How to Make Toy Cars Faster

By Jeffrey Brian Airman
Drivers, fenders and spare tires add unnecessary weight to a toy car.

Make toy cars move faster by lowering their weight while increasing traction and decreasing internal friction. Toy cars are controlled by the same physics as their full-sized counterparts. Minor modifications and repairs to a toy car can have a major influence on the car's performance. Eliminating issues that may be holding the toy car back will eventually show the results you are looking for. Become a toy car mechanic and get your collection back in action and working better than ever.

Remove any parts of the car that are not necessary to its operation to reduce the overall weight. Stripping pieces off the toy car may require a screwdriver or pliers.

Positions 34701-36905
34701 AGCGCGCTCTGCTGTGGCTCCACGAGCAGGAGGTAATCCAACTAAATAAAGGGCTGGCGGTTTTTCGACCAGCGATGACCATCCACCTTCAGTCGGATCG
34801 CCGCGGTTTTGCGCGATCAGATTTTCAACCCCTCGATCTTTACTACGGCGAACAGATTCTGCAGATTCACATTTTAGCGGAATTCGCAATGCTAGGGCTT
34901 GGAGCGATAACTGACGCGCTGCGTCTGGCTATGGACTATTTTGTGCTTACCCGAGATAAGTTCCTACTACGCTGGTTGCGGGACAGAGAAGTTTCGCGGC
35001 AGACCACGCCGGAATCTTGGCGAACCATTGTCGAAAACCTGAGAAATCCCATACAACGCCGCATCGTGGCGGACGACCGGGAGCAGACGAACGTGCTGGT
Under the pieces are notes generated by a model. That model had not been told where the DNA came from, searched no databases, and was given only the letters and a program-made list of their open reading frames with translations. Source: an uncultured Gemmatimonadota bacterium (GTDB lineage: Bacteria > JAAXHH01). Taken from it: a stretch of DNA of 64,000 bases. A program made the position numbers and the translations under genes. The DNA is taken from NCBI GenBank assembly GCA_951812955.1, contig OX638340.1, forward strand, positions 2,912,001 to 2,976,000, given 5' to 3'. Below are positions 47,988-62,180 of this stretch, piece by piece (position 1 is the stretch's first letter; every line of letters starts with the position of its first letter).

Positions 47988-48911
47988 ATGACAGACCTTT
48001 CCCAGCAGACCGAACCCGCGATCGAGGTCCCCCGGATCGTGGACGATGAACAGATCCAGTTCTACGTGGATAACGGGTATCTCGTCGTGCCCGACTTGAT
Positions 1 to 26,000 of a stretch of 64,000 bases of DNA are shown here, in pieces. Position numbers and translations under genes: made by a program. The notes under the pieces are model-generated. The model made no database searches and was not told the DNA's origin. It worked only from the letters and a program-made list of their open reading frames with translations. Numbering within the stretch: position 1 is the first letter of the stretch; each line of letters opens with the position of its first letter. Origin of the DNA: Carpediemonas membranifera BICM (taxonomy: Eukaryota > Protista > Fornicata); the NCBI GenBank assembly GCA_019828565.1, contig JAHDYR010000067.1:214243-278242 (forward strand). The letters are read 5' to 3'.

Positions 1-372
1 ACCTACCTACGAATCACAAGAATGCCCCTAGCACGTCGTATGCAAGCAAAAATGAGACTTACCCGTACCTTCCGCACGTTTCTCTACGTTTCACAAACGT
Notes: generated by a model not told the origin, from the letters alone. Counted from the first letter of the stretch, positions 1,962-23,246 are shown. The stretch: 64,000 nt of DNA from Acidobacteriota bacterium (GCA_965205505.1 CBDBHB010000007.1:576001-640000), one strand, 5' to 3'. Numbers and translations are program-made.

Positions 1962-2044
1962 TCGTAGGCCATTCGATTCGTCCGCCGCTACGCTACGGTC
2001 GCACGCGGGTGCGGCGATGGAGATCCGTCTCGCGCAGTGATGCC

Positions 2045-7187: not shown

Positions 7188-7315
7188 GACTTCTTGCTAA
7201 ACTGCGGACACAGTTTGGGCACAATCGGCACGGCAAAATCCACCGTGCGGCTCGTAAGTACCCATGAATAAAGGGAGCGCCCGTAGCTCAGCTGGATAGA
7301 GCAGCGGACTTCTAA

Flip the toy car over so the wheels are facing up and use a can of compressed air to blast out any trapped dust from the chassis. Use scissors to cut away any hair or string that is tangled into the axles or wheels.

Apply a small amount of silicone lubricant to the end of a cotton swab and rub down the axles and its connections to the car and wheels. Spin the wheels during the application to coat the axle on all sides.

Roll the toy car forward on a flat surface to see if it is rolling straight. Bend the wheels or axles slightly to adjust the track until the toy car is traveling in a straight line.

Scuff the tread section of the wheels with a small piece of fine sandpaper to increase their traction. Spin the wheels as you sand to scuff the wheels evenly.

Tip

Time the toy car over a set distance before and after the modifications and repairs to see how much of an improvement was made.

About the Author

Jeffrey Brian Airman is a writer, musician and food blogger. A 15-year veteran of the restaurant industry, Airman has used his experience to cover food, restaurants, cooking and do-it-yourself projects. Airman also studied nursing at San Diego State University.